Set in one of Buffalo, New York’s historic urban districts, this project is a story of transformation: From a traditional 1930 house with limited daylight and many discrete spaces, to a contemporary art lover’s ideal dwelling.
Sitting among the conventional neighboring houses on the street, the public frontfront of the Gallery House presents its original architectural identity but distinguishes itself with a modern landscape design. The side yard is visually open to the street and doubles as a contemporary sculpture garden and auto court, with a crisp modern garage as the backdrop.
Upon entering the front door, any sense of the traditional house is immediately overtaken by the soaring three dimensional volumes that unfold before you and invite exploration. Crisp and modern with abundant daylight, the extensive and diverse collection of paintings and sculpture happily inhabit the space, along with their fellow human and canine occupants.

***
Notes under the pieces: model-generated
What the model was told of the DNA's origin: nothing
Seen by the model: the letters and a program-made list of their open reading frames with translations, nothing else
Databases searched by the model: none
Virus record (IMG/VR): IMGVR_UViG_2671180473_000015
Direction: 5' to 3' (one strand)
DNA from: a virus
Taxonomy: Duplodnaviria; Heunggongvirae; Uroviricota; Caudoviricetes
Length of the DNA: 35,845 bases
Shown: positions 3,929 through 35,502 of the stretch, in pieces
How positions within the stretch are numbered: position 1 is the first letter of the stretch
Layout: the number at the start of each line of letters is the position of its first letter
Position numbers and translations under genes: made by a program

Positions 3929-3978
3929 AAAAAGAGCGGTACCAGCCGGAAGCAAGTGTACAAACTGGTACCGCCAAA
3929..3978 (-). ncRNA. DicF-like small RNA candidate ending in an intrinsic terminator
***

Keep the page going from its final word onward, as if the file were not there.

The original floor plan was organized into three zones: a center hall flanked by rooms to each side. Working with that scheme, new additions extrude all three of those zones toward the back with full glass walls opening to the private rear gardens. The upper floors above the center hall were carved out, creating a center atrium space with a skylit staircase that connects the scheme three-dimensionally, and scoops copious amounts of daylight into the heart of the house.
The new additions redefine the back of the house and fully express the contemporary identity of the interior spaces. Outdoor terraces extend the living space into the rear sculpture garden, offering a private sanctuary.